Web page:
ONE trusts the stork’s passage across London was peaceful, its job of delivering Baby Johnson to his delighted parents made easier by the emptiness of the skies. Congratulations and welcome, young man.

The last Downing Street baby was Florence Cameron, born ten years ago in August. Before Miss Cameron there was Leo Blair in May 2000. Downing Street was filled with the sound of bawling and for once it wasn’t Alastair Campbell having a quiet word with one of Her Majesty’s Press.

Baby Johnson’s safe arrival is a rare instance of good news in grim times. You do not have to look far for the other kind of news. It is everywhere, from the rising death toll in care homes in the UK, to the rapidly escalating tragedy in the US.

Since the beginning of this crisis I have found myself moving, like many others, through Elisabeth Kubler-Ross’s stages of grief: denial, anger, bargaining, depression and acceptance. Sometimes it happens over the course of a week. Other times I can notch up all five responses in a single day. Of late, I have struggled to get past the anger phase, particularly after watching Panorama last Monday.

Richard Bilton’s film posed a straightforward question: had the Government failed the NHS? To date, more than 100 health and social care staff have died with Covid-19, and there is a long, hard road ahead until a vaccine hopefully arrives.

What a case for the prosecution Bilton assembled. He discovered that paper towels, among other things, had been counted as part of the billions of items of Personal Protective Equipment (PPE) the Government said it had delivered. A pair of gloves was marked down as two items.

The stockpile that the Government held did not include the gowns, masks and eye protection stipulated as essential by world health bodies. When shortages emerged, offers of help from British firms were ignored. Staff in some hospitals resorted to wearing DIY kits of bin bag aprons and swimming goggles.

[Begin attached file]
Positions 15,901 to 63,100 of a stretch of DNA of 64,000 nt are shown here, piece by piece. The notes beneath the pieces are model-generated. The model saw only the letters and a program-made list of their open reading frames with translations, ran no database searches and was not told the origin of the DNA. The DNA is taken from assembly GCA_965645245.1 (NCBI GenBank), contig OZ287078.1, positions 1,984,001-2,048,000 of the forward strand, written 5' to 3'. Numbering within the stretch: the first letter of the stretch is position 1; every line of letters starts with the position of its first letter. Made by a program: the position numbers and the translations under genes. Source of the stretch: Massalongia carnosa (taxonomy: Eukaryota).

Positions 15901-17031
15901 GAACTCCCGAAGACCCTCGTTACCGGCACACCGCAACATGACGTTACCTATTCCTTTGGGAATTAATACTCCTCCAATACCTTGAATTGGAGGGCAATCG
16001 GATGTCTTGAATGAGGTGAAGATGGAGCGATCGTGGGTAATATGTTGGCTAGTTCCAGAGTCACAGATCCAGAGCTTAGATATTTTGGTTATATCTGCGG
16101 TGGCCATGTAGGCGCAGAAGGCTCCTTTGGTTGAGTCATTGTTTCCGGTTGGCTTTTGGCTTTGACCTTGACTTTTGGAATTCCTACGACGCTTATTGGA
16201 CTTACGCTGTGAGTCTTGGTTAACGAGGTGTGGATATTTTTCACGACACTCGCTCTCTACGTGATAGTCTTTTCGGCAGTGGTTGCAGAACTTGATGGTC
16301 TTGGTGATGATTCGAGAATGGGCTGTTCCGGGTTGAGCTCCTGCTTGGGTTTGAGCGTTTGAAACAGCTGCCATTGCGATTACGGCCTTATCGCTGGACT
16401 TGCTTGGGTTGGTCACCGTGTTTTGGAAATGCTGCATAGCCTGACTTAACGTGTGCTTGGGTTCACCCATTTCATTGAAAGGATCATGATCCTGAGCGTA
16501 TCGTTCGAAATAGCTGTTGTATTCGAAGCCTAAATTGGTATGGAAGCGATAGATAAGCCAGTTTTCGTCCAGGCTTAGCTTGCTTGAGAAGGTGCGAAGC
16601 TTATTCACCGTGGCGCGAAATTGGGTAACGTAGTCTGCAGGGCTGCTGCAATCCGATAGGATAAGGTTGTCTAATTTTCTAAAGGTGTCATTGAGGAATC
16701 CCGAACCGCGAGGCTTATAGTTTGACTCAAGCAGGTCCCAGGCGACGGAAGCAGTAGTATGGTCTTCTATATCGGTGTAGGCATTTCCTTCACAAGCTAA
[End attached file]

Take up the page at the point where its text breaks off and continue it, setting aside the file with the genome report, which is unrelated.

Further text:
READ MORE: Coronavirus in Scotland

Finally, when it became obvious that the Government was breaking its own rules on protecting staff it changed the guidelines. Covid-19 was taken off the list of “highly consequential infectious diseases” for which full kit was required.

It was a classic case of fail to prepare, prepare to fail. So yes, governments across the UK have failed the NHS. For it is not just in England that there have been warnings about lack of PPE. Complaints have arisen across the UK, including Scotland.

Some of the NHS staff who appeared on Panorama were justifiably angry. They know how much the public appreciates what they are doing. They have been enormously touched by the weekly clap for carers. But as one intensive care nurse told Bilton: “Calling us heroes just makes it okay when we die.”

No-one should be expected to put themselves in harm’s way without the protection they need. No Minister would enter premises where the virus lurks wearing bin bags and goggles. Yet every day doctors, nurses, carers, cleaners and other key workers are being placed in that position. After looking after other people’s loved ones they then go home to their own, not knowing what they might be bringing with them. It is scandalous. Infuriating.

How did England’s Health Secretary Matt Hancock respond to the Panorama claims at the Downing Street daily press conference? He was “not sure” the programme had been “a fair and objective journalistic assessment of the situation”. Mr Hancock – the ministerial equivalent of bin bags standing in for protective gowns: useless.